What We’re Up Against (Review)

Aorta Theatre Collective presents a vibrant selection of scenes from Theresa Rebeck’s catalogue of razor sharp social satire.

Directed by Rob Hale

New York playwright, ‘relapsed Catholic’ and artful social commentator Theresa Rebeck has a back catalogue as long as your arm of acutely, playfully, hilariously observed satire. Evidently fascinated by the minutiae of human foibles, prejudices, mundane neuroses and twisted logic, her work is a masterclass of witty, energetic dialogue, bizarre non-sequiturs and heightened reality.

With this in mind, it is difficult to imagine how on earth Rebeck, in her own words, very nearly “fell off the map” following a scandalously misogynistic review of The Butterfly Collection in the New York Times in 2000. Despite the outrage of the theatre community and a flurry of complaints to the newspaper, this bad press forced the play to close and, for a time, it was seriously suggested that Rebeck either write under a male pseudonym or just “do something else”.

Thankfully, Rebeck hit back with a raft of superb plays including Mauritius, Bad Dates and the co-written Omnium Gatherum, even attracting a Pulitzer nomination for the latter. She also demonstrated that she could, in fact, “do something else”, by publishing an acclaimed novel, Three Girls and Their Brother, and writing the forthcoming series Smash for NBC – to be directed by Michael Mayer and produced by Stephen Spielberg, no less.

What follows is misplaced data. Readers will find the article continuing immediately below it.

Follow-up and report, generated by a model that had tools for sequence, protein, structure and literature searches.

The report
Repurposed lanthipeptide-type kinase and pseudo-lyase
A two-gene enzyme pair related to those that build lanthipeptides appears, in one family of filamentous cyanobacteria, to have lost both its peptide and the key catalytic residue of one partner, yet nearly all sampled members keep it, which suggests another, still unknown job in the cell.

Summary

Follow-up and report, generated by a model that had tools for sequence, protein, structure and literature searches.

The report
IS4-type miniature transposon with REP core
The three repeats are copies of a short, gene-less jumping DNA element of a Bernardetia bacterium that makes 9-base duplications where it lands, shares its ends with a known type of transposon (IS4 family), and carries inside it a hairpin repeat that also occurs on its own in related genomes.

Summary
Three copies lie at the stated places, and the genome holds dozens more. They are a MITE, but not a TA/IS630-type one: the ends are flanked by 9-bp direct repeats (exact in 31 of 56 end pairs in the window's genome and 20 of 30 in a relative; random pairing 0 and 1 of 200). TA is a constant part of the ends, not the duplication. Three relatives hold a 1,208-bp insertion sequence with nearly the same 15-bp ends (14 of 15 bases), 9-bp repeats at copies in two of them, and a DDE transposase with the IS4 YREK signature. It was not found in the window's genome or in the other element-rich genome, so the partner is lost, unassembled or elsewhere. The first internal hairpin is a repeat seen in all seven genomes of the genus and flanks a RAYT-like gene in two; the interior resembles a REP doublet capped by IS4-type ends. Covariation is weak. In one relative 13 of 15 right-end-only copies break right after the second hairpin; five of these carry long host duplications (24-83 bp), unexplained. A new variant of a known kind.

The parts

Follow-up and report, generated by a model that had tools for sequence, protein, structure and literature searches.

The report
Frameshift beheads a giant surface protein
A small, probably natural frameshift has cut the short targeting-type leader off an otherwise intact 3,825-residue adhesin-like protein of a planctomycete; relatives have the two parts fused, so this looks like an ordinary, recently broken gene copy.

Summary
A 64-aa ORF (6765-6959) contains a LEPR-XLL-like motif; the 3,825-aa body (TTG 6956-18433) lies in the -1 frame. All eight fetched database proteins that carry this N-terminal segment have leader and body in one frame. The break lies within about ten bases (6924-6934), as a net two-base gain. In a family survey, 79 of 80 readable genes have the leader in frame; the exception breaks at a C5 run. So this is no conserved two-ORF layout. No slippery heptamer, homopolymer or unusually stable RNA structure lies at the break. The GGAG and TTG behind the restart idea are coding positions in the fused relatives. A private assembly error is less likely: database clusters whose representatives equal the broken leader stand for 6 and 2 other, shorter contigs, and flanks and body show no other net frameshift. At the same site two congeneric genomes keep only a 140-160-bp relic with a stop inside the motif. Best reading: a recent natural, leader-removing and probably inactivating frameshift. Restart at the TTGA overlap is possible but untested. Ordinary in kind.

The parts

The seven scenes selected for What We’re Up Against, deftly handled by a highly competent cast, encompass issues as diverse as workplace misogyny, funeral parlour mix-ups and a struggling actor who would rather be a barman. All share the sense of quiet desperation that Rebeck specialises in, which infuses the comedy and humanises characters that are, on the face of it, rather unsympathetic.

Each scene is interspersed by shorter pieces from Rebeck’s one act play Mary, Mother of God, Intercede for Us, which shows a harangued, business-suited Virgin Mary, played by the excellent Juliet Prague, overrun by prayer ‘dockets’ and passing on requests of varying urgency and poignancy to a seemingly indifferent God – via the divine medium of her mobile phone.

As the play progresses, this juxtaposition becomes increasingly astute; subtle shifts in the performances between self-interested egotism and overwhelming emotional fragility are intensified by Mary’s increasing despair and rage at the arbitrary way her messages are dealt with- and her powerlessness to influence these decisions. Here, as in countless other examples of her work, Rebeck skilfully takes an exhausted argument and breathes fresh life into it through an imaginative, surprising and highly visual approach.

The cast are infectiously energetic, with Sally Scott’s barely concealed hysteria making for a particularly charged and engaging performance, but at times it felt that more variation in tone could enhance their effectiveness. The more muted delivery by Michael Benz and Tom Cornish in the funeral parlour scene created perfectly balanced tension between restrained fury and agonising grief, but Demi Oyedin, perhaps feeling a little underused, offered a forceful performance that proved slightly too overbearing for such an intimate space. The comic delivery, however, was spot on throughout, frequently leaving the audience helpless with laughter.

What We’re Up Against provides an excellent and intelligent interpretation of some of Rebeck’s finest pieces and the central throughline that binds together her work and ideas. For those unfamiliar with her work, Rob Hale’s selection also offers a perfect introduction to this extremely important contemporary playwright. Not to be missed.


The Old Red Lion Theatre, Angel. 8th Feb -3rd Mar 2011.

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